Aug. 21 (UPI) -- The expansion of the U.S. military's base in Okinawa, Japan could potentially be stifled in order to save the Okinawa dugong, an endangered species that resembles a manatee, after a U.S. court said Monday that environmental groups can the U.S. government for potential environmental threats in foreign countries.
The 9th U.S. Circuit Court of Appeals in San Francisco ruled that the Center for Biological Diversity, Earthjustice, as well as Japanese environmental groups and activists, have the legal right to pursue its lawsuit against the Defense Department to require it to consider the threats to the dugong.
The lawsuit had been dismissed in 2015 by U.S. District Judge Edward Chen in San Francisco. But Monday's had been dismissed by a lower court, but the 9th Circuit overruled that decision and will send the lawsuit back to Chen to move forward.
"The court today affirmed the right to sue to prevent the U.S. government from taking action that might harm an endangered species of special importance to people in another country without giving serious consideration to the possible effects of its actions," said Martin Wagner, managing attorney of Earthjustice's International Program in a press release. "The law is intended to respect the cultural values of the Japanese people, and requires the Defense Department to make every effort to understand and minimize the effects of this project on the dugong. Today's decision affirms the right to ask the courts to ensure that the U.S. government complies with this law."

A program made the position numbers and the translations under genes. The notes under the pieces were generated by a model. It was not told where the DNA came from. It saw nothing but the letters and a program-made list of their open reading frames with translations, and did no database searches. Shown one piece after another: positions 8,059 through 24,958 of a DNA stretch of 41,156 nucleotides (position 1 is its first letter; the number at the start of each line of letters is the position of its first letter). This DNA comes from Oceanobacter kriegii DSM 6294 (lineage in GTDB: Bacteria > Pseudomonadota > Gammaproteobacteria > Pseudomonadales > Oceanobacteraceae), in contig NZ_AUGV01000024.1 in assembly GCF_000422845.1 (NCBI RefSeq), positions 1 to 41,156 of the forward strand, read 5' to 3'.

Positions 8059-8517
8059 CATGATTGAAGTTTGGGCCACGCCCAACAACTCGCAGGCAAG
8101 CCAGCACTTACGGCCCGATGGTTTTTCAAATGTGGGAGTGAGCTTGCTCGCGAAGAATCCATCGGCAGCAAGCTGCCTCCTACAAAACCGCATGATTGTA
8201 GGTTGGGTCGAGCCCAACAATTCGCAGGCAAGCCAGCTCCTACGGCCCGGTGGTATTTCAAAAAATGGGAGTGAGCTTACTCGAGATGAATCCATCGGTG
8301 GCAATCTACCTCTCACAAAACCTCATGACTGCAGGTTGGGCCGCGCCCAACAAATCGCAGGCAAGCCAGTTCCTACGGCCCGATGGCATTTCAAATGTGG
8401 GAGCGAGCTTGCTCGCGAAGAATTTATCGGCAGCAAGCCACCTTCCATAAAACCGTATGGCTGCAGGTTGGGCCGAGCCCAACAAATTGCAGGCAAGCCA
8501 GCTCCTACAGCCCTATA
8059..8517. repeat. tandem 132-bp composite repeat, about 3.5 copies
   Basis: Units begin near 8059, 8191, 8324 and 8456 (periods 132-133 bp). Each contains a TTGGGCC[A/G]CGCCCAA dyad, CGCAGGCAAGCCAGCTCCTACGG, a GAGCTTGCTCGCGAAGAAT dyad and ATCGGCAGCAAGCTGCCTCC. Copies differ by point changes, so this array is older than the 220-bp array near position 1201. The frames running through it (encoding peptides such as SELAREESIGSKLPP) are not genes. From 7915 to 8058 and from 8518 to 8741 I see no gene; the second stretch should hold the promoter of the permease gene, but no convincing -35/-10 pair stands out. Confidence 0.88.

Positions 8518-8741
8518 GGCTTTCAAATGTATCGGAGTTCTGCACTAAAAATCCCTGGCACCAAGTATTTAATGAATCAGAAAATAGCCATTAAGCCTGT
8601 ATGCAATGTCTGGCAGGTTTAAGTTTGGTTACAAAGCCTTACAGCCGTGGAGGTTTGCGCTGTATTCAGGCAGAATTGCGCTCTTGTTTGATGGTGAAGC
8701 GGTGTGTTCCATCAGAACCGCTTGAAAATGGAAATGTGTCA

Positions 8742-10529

Takuma Higashionna, a scuba-diving guide in Okinawa who is a plaintiff in the lawsuit, praised the decision.
"Our folktales tell us that gods from Niraikanai [afar] come to our islands riding on the backs of dugongs and the dugongs ensure the abundance of food from the sea," he said. "Today, leaving their feeding trails in the construction site, I believe, our dugongs are warning us that this sea will no longer provide us with such abundance if the base is constructed. The U.S. government must realize that the Okinawa dugong is a treasure for Okinawa and for the world."
U.S. government attorneys argued that American courts shouldn't be the place to decide U.S. military construction in other countries.
Back in March, when attorneys argued the case in appellate court, Department of Justice attorney Mark Haag said "the court is not well-equipped to determine what is in the public interest when the government of Japan is deciding what's in its interest for a project on its sovereign territory, and which it is paying for itself pursuant to a treaty."
According to Courthouse News, Ninth Circuit Judge Paul Watford chuckled at the argument.
"OK, yeah. I hear you," Watford said. "That's your position."